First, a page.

Yoga can help keep expectant mothers stress free: First evidence found The effects of yoga on pregnant women has been studied, with results showing that it can reduce the risk of anxiety and depression. Stress during pregnancy has been linked to premature birth, low birth weight and increased developmental and behavioral problems in the child as a toddler and adolescent, as well as later mental health problems in the mother. A high level of anxiety during pregnancy is linked with postnatal depression which in turn is associated with increased risk of developing depression later in life.
Stem cells from teeth can make brain-like cells Researchers have discovered that stem cells taken from teeth can grow to resemble brain cells, suggesting they could one day be used in the brain as a therapy for stroke.
# 91 Buckets of Tears Shandi-lee Cox via Compfight We all cried buckets of tears that summer. After three weeks of training, Matt was flown to New York’s La Guardia Airport for the next leg of his journey to Germany. We decided to meet him there for one last good-bye. It must have been quite...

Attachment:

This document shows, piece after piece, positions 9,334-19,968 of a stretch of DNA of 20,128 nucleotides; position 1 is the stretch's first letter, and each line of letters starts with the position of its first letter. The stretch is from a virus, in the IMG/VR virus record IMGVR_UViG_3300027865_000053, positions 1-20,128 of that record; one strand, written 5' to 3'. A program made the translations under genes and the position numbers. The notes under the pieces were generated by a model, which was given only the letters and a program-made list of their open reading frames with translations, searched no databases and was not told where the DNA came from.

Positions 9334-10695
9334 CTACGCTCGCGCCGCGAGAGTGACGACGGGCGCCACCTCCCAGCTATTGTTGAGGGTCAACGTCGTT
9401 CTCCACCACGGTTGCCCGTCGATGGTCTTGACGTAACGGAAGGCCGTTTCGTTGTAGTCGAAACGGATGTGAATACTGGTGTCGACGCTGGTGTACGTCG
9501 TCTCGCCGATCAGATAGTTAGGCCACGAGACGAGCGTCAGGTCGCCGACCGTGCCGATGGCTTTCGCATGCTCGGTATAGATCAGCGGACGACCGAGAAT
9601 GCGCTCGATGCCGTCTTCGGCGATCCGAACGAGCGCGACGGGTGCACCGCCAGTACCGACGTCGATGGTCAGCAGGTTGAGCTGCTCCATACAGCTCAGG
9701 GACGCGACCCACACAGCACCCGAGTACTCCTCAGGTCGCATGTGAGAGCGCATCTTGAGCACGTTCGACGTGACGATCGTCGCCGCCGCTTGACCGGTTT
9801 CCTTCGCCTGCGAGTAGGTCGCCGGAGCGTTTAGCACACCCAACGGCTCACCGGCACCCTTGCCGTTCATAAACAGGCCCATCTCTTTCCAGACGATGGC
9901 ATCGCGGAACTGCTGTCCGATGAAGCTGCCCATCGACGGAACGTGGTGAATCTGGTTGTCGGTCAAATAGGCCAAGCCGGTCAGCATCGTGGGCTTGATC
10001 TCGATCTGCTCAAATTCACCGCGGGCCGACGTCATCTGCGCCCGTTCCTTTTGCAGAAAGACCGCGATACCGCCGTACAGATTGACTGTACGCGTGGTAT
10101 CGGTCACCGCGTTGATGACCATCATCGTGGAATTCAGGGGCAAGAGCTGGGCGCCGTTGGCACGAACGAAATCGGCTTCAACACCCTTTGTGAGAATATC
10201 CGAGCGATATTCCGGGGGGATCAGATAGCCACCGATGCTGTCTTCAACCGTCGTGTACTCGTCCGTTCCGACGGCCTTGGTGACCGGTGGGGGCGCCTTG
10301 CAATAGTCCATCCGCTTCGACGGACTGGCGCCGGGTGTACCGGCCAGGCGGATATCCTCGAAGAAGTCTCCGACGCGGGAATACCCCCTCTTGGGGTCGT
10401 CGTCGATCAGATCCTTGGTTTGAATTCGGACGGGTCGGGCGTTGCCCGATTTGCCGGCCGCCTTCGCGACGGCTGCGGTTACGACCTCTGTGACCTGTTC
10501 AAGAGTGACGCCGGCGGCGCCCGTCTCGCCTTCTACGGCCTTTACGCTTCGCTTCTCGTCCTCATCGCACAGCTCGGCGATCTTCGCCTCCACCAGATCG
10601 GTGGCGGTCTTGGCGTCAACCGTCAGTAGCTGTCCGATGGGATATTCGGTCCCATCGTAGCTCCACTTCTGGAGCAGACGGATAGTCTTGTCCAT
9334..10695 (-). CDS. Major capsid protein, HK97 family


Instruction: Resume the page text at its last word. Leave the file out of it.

A Tale of Two Defiers Shelley, a college sophomore, is an actively aggressive defier. She prides herself on being a fiercely independent person who doesn’t need or want anyone to tell her what to do. She often resorts to fighting words in her verbal outbursts: – “How could he give me such a crappy grade?”...
With No Formal Diagnosis or Treatment Plans, How Can After more than twenty years spent treating, speaking about, and writing about sexual addiction, I’ve heard all the arguments (and then some) both in favor of and against utilizing an addiction-focused model of diagnosis and treatment to identify and help individuals who self-report repetitive, problematic patterns of impulsive and/or compulsive...
Why Do Some People Get PTSD and Others Don’t?   Trauma is complicated.  Not everyone who experiences a traumatic event has post-traumatic stress symptoms and many people who have symptoms see a natural decrease in those symptoms while others wind up with post-traumatic stress disorder.  Still others see other symptoms that are bit different and get other diagnoses.  Why?...